EDITORIAL: Cancellation may bolster argument
‘Radicalism’ as topic of speech was questionable
Some of Rutgers’ main values are diversity and inclusion, and the encouragement of communal support no matter one’s creed or color — we want to protect members of our community against hate and prejudice. As an institution of higher education and advanced research, though, our community also seeks to promote academic freedom and serious intellectual discourse. At this point in time, it seems clear that those two values are clashing.
It appears the petition to prevent Rutgers alumna Lisa Daftari — a journalist and political analyst whose work focuses on Middle Eastern foreign affairs and counter-terrorism — from speaking at the University has succeeded. The administration has indefinitely postponed the talk set for Oct. 16, which was to be given as part of the Undergraduate Academic Affairs (UAA) Speaker Series. Daftari’s talk was titled and centered around “Radicalism on College Campuses,” and though we are unsure exactly what she would have said and what her idea of “radicalism” would have referred to, it seems we can make an educated guess.
On Twitter, Daftari disclosed an email from a representative of the UAA, which seems to show that the idea for the talk to focus on radicalization was not Daftari’s, but rather came from a member of the University’s administration. In the email, the administrator states that they had been watching clips of Daftari online, and found one from 2013 where she briefly speaks about “radicalism on college campuses,” to be particularly interesting. The video clip being referred to is likely the one entitled, “Lisa Daftari Talks New Worry About Radicalization on College Campuses with Neil Cavuto,” which took place on Fox News in the wake of the Boston bombings. It is important to note that in speaking about radicalization on college campuses in the video, Daftari exclusively refers to Muslim students. Though this video was put out in 2013, it is not unreasonable to assume that the views she held then with regard to Islam and radicalism on college campuses have not shifted much.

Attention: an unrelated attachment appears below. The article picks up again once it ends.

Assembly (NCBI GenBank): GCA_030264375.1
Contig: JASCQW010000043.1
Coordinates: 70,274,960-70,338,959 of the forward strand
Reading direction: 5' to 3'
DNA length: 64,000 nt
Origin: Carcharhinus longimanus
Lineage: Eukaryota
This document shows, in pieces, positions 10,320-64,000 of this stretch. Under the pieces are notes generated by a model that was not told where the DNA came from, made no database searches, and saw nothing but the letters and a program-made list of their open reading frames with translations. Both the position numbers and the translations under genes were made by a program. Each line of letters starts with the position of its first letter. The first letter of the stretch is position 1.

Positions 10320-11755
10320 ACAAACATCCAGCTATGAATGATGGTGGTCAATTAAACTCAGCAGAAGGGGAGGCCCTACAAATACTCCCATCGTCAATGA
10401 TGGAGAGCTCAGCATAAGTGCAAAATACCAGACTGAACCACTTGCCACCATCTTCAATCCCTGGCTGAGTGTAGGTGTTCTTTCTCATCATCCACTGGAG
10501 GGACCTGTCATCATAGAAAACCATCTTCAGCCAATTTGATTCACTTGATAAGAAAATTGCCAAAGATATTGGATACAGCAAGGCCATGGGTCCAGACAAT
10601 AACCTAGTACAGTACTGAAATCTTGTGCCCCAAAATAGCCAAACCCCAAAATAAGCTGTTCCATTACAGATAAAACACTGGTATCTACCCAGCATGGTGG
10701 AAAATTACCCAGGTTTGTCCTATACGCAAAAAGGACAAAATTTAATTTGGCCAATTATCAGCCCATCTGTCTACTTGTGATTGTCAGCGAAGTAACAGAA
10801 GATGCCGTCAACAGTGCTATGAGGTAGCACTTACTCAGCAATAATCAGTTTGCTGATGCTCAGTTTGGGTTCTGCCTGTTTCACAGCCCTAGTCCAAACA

Anti-Muslim sentiments, though probably rare, are not imaginary in the Rutgers community. And with that said, it is not far-fetched to think that the theories Daftari would have brought up in her talk might have worked to empower those who already harbor those anti-Muslim sentiments — maybe creating more unnecessary tension on campus. But now that Daftari has been silenced, it seems those who hold such sentiments are empowered anyway. Those who started the petition have arguably only worked to bolster their opposition’s argument, giving them a reference to perhaps correlate radicalism with Muslim members of the Rutgers community.
In the end, the more prudent course of action would have been to refrain from the creation of the petition and to allow Daftari to speak, as the answer to disagreeable speech should seemingly always be more speech. But part of the blame also falls on the University, or at least one member of the administration. Knowing full well of Daftari’s controversial ideas regarding perceived radical Islam on college campuses and her conflation of radicalism with Muslim students, she was still encouraged to speak on those issues here.
If the goal of the UAA’s Speaker Series is to present the student body with diverse perspectives that foster frank and free discussion, then a better way of doing so may have been to include Daftari on a panel of experts with diverse opinions on free speech and radicalism, such that the student body can both watch a democratic debate of conflicting views and then engage in the discussion through questioning. But the knee-jerk response to a controversial viewpoint should not be to silence, but rather to understand, debate and refute.
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